The Future of Facebook
Facebook’s stock took a virtual beating in the weeks
after the company’s historic IPO in May — obviously a
surprise to many aggressive investors on Wall Street,
but not so much to those more closely linked to the
evolution of the Web.
On the surface, more than 900 million active users is an astonishing vote of confidence for the social network’s global popularity — and no one is denying that. One or two layers beneath the surface, however, is the long-term viability of Facebook’s advertising business, which has been at the center of the controversy surrounding its “failed” IPO and which remains to be accurately evaluated — leading to numerous lawsuits and countless livid investors.
But most important to this discussion — and to Web businesses everywhere — is the overall future of Facebook and, especially important, why it may not have the one we once envisioned. It’s a clichéd term, but Facebook has led the charge of the Web 2.0 movement, which has been a critical development in the evolution of the Internet and for all online businesses. The question is, will Facebook successfully make the transition into the next phase of the Web’s evolution — and many believe that answer is no.
Most Web historians break down the Internet’s evolution into three phases. The first phase was the period from the mid-1990s to the early 2000s that was defined by products such as Netscape and Internet Explorer, portals such as Yahoo and AOL, and other companies such as Amazon, eBay and Google. The second phase, call it Web 2.0 or the move into social media, began around 2002 and was made possible by companies such as MySpace, Facebook, LinkedIn, Digg, Reddit, StumbleUpon, Groupon, etc.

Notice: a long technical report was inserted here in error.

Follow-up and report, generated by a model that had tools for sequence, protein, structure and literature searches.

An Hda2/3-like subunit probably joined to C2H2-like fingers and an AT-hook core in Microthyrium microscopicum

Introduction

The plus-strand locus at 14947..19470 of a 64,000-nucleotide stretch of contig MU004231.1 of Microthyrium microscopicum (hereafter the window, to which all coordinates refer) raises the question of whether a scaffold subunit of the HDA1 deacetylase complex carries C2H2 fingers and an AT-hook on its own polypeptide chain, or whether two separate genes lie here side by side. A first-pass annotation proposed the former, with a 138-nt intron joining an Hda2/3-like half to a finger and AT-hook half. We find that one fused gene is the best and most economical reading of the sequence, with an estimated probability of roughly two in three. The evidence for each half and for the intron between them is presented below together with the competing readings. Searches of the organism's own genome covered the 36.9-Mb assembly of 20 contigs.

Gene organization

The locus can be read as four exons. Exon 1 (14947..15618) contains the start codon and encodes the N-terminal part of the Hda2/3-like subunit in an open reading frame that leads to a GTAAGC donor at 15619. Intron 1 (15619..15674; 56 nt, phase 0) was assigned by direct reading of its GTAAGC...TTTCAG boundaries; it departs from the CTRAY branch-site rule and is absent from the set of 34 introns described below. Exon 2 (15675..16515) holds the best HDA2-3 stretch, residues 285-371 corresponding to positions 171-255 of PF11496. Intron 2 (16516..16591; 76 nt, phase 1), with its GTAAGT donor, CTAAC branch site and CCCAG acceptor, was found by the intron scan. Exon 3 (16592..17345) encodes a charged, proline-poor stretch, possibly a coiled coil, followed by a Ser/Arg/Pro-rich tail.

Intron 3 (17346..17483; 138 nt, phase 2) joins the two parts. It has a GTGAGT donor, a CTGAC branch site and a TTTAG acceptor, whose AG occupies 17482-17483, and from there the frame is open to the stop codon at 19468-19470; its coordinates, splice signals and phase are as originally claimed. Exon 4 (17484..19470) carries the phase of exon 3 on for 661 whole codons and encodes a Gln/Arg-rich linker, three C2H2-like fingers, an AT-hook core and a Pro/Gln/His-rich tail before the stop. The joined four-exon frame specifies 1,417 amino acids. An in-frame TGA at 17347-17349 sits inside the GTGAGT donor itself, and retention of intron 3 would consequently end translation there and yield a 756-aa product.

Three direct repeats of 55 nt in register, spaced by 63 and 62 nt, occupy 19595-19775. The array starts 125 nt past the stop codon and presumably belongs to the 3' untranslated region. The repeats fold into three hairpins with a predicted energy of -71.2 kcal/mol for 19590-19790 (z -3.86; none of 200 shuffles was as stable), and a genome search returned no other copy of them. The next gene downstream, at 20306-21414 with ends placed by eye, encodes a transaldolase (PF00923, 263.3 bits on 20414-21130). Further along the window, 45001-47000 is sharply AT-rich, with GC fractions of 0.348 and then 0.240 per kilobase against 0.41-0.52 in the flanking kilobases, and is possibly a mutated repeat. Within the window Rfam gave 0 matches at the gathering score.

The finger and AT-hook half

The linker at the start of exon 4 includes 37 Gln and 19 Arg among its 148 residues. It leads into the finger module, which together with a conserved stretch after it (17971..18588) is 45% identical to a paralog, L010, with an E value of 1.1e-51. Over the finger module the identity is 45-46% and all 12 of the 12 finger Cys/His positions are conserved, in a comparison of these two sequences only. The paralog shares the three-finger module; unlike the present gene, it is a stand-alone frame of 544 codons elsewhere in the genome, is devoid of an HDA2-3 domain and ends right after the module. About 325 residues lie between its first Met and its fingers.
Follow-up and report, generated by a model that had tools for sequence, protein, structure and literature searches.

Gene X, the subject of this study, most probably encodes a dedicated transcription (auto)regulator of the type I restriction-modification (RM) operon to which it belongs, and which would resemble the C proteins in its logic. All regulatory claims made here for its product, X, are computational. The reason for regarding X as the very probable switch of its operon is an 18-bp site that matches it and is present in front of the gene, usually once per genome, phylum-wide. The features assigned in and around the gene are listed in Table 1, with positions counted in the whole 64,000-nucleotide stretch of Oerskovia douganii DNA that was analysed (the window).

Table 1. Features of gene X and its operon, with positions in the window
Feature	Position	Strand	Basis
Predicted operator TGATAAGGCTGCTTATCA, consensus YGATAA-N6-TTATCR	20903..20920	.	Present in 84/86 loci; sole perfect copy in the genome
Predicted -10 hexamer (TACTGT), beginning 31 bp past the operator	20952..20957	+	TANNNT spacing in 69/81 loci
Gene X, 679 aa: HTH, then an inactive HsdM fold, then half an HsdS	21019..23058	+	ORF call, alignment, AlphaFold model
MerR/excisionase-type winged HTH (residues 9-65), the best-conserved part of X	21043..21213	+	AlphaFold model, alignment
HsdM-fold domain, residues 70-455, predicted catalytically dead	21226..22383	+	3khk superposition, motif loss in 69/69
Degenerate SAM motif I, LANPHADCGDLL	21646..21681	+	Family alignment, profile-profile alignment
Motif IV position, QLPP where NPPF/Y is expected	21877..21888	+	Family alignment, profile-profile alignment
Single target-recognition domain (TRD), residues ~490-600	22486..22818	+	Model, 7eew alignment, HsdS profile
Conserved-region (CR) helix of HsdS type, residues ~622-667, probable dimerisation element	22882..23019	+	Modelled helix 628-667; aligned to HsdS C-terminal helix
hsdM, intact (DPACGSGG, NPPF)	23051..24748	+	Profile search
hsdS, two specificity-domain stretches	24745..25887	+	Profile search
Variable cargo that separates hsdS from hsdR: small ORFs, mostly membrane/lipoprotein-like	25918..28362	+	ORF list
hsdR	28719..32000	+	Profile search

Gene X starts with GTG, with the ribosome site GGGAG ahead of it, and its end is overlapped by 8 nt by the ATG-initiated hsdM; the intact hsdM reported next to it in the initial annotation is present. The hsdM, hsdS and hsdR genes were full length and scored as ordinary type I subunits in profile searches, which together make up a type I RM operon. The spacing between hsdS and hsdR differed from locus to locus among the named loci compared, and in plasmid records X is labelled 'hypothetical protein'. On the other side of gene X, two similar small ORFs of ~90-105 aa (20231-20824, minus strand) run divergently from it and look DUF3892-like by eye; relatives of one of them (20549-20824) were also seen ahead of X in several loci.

Some businesses have transitioned from phase one into phase two much more successfully than others have, and some will have a far more difficult time transitioning into phase three — the mobile phase that we are entering right now — than others will. I believe that Facebook’s failure thus far to effectively monetize the mobile platform puts the company’s future at risk, and I’m not alone.
“In five to eight years, Facebook is going to disappear in the way that Yahoo has disappeared,” Eric Jackson, founder of Ironfire Capital, recently told CNBC. “Yahoo is still making money, it’s still profitable, still has 13,000 employees working for it, but it’s 10 percent of the value that it was at the height of 2000. For all intents and purposes, it’s disappeared.”
It’s unlikely that 1 billion users are going to vanish from Facebook in the next few years, turning the world’s most popular social network into a ghost town. But rather than its present reputation as a visionary company that changed the way we communicate — which is what the original mission was — what is now at stake is Facebook’s potential reputation as one of the most relevant, influential companies in the history of the world — which is what that mission has since become.
Until it can overcome the challenges it is currently experiencing with mobile monetization, there is as much of a chance that the Facebook legacy will more closely resemble Yahoo’s as either Google’s or Apple’s. While on a much smaller scale, of course, the same applies to our own Web businesses. To be successful over the long term, we have to remain flexible and open-minded. We have to not only accept change but embrace it and position our companies on the crest of the next wave rather than resist it and become crushed by its force.
Right now that wave is the dawn of a new mobile era, and it is vital that we find the optimal positions for our online businesses before it’s already upon us. We will help you discover the different ways to do that in next month’s feature article, but in the end there are really only two options to consider — adapt or become irrelevant.